Two new vendor initiatives are attempting to strengthen and enhance the business case for solid-state storage and the opportunities available to the channel. Texas Memory Systems has set new SPC-1 records for flash storage performance and value, and Dataram Corporation ( has released a tech alert outlining the business benefits of solid-state storage appliances. Together, they make a compelling case for at least exploring alternatives to traditional disk solutions.

Texas Memory Systems has submitted a record setting SPC-1 result for its RamSan-620 Flash Solid State Disk (SSD), producing 254,994.21 SPC-1 IOPS with average response time of 0.72 milliseconds from a 2U rack-mount chassis. The company says the cost of $1.13 per SPC-1 IOPS is better than any competing RAID or flash solution.

The SPC-1 benchmark for storage subsystems simulates the demands placed upon storage in a typical server-class computer system. The RamSan-620 is a general-purpose storage solution, with each unit able to support two to eight Fibre Channel or InfiniBand ports.

The results are significant to the channel because they help debunk a number of SSD myths, says Woody Hutsell, President of Texas Memory Systems. There a number of myths channel sales people are encountering when trying to sell SSD, including flash is too slow or it’s really intended for consumers and small business.

"One of the conclusions you can draw from this test is that flash is actually quite a capable solution." In fact it has the third or fourth highest price/performance score for any storage device tested by the Storage Council, he said.

The bottom line, he said, is that flash is fast enough for the enterprise and "it is the best value when it comes to price performance." And while still a bit pricey for the non-enterprise market at $280,000 for a 5Tb configuration, Hutsell says they also offer a solution suited for smaller businesses that starts at under $10,000.

With the channel accounting for 80-90 percent of the company’s sales, he says Texas Memory Systems’ business has been good, with "dramatic growth. The volume of solid-based disk we’re shipping has been increasing greatly for the last year."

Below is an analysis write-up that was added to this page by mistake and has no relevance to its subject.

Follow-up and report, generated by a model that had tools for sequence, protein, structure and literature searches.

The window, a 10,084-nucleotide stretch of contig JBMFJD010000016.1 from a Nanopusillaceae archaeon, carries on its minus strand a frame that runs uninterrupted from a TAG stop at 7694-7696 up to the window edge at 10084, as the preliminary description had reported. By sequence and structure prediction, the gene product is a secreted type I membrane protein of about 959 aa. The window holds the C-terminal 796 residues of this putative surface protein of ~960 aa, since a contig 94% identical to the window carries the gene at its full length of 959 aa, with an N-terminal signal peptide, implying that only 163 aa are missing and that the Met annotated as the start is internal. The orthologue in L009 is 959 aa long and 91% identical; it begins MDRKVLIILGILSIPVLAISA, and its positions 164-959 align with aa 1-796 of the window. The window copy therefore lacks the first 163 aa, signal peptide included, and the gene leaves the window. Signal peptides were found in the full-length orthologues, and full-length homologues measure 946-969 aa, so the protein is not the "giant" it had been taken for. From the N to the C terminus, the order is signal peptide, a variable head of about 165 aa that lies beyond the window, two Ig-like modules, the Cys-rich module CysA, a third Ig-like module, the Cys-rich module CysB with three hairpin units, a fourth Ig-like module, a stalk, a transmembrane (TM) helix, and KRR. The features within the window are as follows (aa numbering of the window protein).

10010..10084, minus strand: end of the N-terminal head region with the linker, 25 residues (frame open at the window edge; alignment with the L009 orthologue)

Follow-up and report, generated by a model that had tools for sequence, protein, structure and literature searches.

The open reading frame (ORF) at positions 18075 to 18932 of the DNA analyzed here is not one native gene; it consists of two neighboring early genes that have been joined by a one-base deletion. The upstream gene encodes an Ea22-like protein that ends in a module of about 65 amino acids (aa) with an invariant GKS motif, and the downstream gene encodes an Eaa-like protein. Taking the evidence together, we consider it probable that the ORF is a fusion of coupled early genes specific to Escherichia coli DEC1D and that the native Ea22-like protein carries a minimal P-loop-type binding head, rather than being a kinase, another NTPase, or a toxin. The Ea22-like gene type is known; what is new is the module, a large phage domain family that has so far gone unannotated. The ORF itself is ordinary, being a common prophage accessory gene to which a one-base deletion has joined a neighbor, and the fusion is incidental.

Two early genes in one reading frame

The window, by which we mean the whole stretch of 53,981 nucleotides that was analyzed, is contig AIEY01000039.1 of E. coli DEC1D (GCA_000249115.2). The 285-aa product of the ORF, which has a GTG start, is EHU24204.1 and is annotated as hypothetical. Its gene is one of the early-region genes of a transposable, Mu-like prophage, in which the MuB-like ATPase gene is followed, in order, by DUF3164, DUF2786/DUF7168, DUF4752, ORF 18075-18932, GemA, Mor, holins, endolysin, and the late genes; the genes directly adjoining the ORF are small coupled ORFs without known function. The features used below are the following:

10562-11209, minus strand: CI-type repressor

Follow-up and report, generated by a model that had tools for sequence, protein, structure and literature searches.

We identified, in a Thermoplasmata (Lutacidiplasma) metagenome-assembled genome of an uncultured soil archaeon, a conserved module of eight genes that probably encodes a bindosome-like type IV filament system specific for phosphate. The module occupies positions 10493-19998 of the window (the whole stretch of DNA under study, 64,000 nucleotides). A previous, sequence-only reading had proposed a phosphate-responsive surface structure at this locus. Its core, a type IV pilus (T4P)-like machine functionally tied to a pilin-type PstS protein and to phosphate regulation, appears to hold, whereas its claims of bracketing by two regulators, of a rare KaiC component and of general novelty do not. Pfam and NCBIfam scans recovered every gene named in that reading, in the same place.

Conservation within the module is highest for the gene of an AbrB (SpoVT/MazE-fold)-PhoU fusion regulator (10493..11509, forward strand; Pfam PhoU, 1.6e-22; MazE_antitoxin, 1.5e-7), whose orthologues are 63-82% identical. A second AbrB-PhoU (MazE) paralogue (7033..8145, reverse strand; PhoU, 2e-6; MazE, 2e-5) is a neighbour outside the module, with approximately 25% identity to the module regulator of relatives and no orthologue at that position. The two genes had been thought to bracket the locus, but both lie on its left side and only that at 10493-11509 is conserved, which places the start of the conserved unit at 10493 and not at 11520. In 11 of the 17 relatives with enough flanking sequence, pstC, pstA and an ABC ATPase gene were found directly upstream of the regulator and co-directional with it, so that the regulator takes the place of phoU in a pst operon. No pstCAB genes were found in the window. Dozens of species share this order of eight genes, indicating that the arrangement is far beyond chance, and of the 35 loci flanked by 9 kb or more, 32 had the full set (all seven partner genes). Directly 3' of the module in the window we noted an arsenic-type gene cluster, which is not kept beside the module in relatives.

Rather than debunking myths, Dataram is more interested in educating the channel and market about the SSD market, says Chief Technologist Jason Caulkins.

"Whatever your impression of solid state is, there are new things out there every day. Not only is solid state a benefit to partners, but there are lots of ways to attain those benefits."

The market is being flooded with new vendors, new products and new announcements about caching and tiering. "From a customer perspective, it’s kind of a confusing space." As a month ago, there were more than 155 SSD vendors in the market touting things like superior price performance, ease of use and dynamic management.

Caulkins adds that fortunately there are channel partners who are really good in this market and can help provide the answers. Dataram is 100-percent channel focused, typically with midsize partners generating $100 million in annual revenues. He said partners are looking to SSD vendors like Dataram to differentiate themselves from their peers and for the opportunity open up a new dialogue with their customers. "We think that’s an important conversation channel partners can have with customer."

Like Texas Memory Systems, Dataram says the channel conversation is about how solid-state storage is increasingly becoming an attractive alternative to traditional hard disk drive arrays. SSD technology can help companies improve application performance, leverage existing IT investments and cut costs, powerful motivators in today’s economy.

"Solid-state storage appliances offer customers significant benefits due to their ability to seamlessly integrate into existing SANs, dynamically cache I/O-intensive data, dramatically accelerate application performance and provide an immediate return on investment, said Caulkins. For instance, application performance can be improved by as much as 30x, and total cost of ownership can be cut by more than 50 percent on average.